Prehospital documentation is used for different purposes. Information should be written in a clear, concise way so other healthcare professionals can easily understand the information. Frequently, other healthcare providers will skim the narrative, looking for keywords to help them understand the information. The ability to skim a document is hampered when there are more pros and narrative used. A mnemonic commonly used to organize patient charting is SOAP (subjective, objective, assessment, and plan). When the SOAP format is used, the chart is documented in the order from subjective complaints, objective findings, assessment notes, and plan of action. While other documentation formats may exist, the SOAP structure is commonly used since it allows for easy access to information.
Bills to reimburse the service for patient care and transport are generated from the prehospital documentation. The more detailed the documentation, the more accurate the bill generated. Billing personnel use prehospital records to determine the level of care (BLS, ALS1, ALS2, or SCT) and to generate and refine ICD-10 coding for the chart. The level of documentation is very important for billing. To document a call as ALS1 versus ALS2 is based partially on the number of interventions. The quality of documentation directly affects reimbursement rates and revenue generation for the department.
Accurate, complete, and easy-to-read documentation can assist in the continuity of care plan and treatment. While many prefer a verbal transfer of information, the verbal report is not a substitute for proper written documentation. W hile conversations and details on the patient may fade with time, the written document does not, even in a busy, fast-paced environment such as an emergency department or intensive care unit.
Data Tracking and Research
Multiple agencies use information from the prehospital record and EMS calls to track trauma and CPR survival. In Texas, the EMS and trauma registries consist of 5 separate registries: EMS registry; Traumatic Brain Injury Registry; Spinal Cord Injury Registry; Submersion Registry; and other Acute Traumatic Injury Registry. Nationally, the NEMSIS project collects data to help improve practice guidelines through evidenced-based research. Ongoing data collection and analysis facilitates standardization of care across the nation and allows for planning for future EMS growth. Emory University partnered with the United States Centers for Disease Control and Prevention (CDC) to create the cardiac arrest registry (CARES). The goal of CARES is to increase cardiac arrest survival rates. CARES collects part of its data from EMS documentation.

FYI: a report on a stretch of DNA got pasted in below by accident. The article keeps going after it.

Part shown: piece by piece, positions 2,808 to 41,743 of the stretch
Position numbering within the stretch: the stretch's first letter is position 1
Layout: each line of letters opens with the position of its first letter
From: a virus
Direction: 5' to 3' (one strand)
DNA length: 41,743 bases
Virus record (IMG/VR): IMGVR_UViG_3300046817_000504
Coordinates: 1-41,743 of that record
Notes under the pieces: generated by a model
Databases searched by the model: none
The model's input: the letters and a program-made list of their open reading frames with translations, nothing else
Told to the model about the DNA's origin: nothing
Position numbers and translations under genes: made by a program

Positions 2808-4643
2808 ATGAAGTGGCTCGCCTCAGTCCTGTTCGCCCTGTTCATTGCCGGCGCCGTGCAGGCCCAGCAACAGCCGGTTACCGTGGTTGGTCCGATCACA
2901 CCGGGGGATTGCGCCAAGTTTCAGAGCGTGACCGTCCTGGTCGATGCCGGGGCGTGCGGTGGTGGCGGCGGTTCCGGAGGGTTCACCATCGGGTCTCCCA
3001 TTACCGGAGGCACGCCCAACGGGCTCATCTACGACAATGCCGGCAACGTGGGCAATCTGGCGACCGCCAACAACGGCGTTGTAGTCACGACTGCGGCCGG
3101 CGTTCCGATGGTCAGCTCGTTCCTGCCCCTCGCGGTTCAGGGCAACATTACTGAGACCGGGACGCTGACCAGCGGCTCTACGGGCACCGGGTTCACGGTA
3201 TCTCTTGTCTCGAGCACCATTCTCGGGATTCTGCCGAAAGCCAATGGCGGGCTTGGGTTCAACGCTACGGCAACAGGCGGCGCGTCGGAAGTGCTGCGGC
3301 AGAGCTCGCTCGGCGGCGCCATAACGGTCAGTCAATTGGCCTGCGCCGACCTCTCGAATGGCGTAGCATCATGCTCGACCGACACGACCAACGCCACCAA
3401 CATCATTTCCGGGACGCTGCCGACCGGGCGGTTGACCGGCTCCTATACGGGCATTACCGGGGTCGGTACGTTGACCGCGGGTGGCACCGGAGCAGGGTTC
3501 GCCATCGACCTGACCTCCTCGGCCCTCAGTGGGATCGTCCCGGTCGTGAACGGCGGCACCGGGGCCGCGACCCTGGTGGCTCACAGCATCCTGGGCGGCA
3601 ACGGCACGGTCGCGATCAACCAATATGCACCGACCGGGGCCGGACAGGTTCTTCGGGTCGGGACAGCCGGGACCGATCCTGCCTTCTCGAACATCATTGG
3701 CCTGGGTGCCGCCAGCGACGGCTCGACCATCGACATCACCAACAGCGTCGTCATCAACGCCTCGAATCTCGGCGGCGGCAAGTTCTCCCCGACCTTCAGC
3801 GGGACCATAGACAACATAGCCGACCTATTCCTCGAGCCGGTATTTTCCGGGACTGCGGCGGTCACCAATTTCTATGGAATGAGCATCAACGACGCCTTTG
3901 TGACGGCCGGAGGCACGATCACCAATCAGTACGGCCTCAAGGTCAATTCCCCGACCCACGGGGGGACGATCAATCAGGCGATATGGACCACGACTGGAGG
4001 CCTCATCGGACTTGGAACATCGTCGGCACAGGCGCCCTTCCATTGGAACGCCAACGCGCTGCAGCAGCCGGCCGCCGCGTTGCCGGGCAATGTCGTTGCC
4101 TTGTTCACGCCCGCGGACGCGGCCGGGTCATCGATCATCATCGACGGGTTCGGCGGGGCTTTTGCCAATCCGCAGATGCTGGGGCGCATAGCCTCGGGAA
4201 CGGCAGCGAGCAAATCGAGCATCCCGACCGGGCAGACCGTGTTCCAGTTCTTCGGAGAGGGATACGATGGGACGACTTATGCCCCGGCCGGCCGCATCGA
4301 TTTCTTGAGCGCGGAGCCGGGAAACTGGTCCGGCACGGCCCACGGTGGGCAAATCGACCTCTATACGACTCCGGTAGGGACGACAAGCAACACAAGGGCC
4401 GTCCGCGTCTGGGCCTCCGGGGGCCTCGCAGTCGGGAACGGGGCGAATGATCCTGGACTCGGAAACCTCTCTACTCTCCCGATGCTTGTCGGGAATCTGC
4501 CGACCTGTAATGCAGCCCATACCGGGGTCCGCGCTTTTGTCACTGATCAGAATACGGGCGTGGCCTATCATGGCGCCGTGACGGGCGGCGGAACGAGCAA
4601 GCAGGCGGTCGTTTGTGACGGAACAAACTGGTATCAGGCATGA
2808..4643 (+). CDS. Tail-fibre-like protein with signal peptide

Quality assurance and improvement efforts vary depending on the organization. EMS prehospital documentation is used to review how patients are being treated and assess how out-of-hospital providers adhere to common practice guidelines and protocols. Accurate documentation of patient interaction and care is necessary for the success of quality assurance and improvement initiatives. Poor documentation can limit what is learned from the prehospital record. Without appropriate documentation, quality assurance and improvement mechanisms may have difficulty assessing the quality of care. Depending on the service and state, this could lead to suspension from duties or loss of certification and licensure.
Prehospital care reports are also used by courts. Having an incomplete or flawed report can increase the chances of the EMS provider needing to defend their actions. When an EMS provider is called to testify, complete and accurate documentation can help to defend the provider and may help trigger memories of the patient encounter many years later. Properly documenting statements made by the patient, bystanders, relatives, and other healthcare providers can also decrease culpability when there is an adverse event. Complete and correct documentation will help the EMS provider appear more competent when reviewed by lawyers or regulating bodies. Some states, such as Texas, can revoke an EMS provider's license if documentation fails to meet state standards. It is often quoted that the “faintest ink is more legible than the best memory.”
Prehospital care reports and records of patient encounters can be organized in many different formats, but the information is vitally important for many aspects of patient care beyond the scene. The EMS record should include the patient’s demographics, vital signs, assessment, and information on any interventions performed. The documentation serves an important role as a data repository. The information can be used to create a bill, to facilitate communication and transitions of care, to track compliance, guide quality initiatives and represent the EMS and other healthcare providers in legal matters. Without excellent documentation, it is difficult to show excellent care.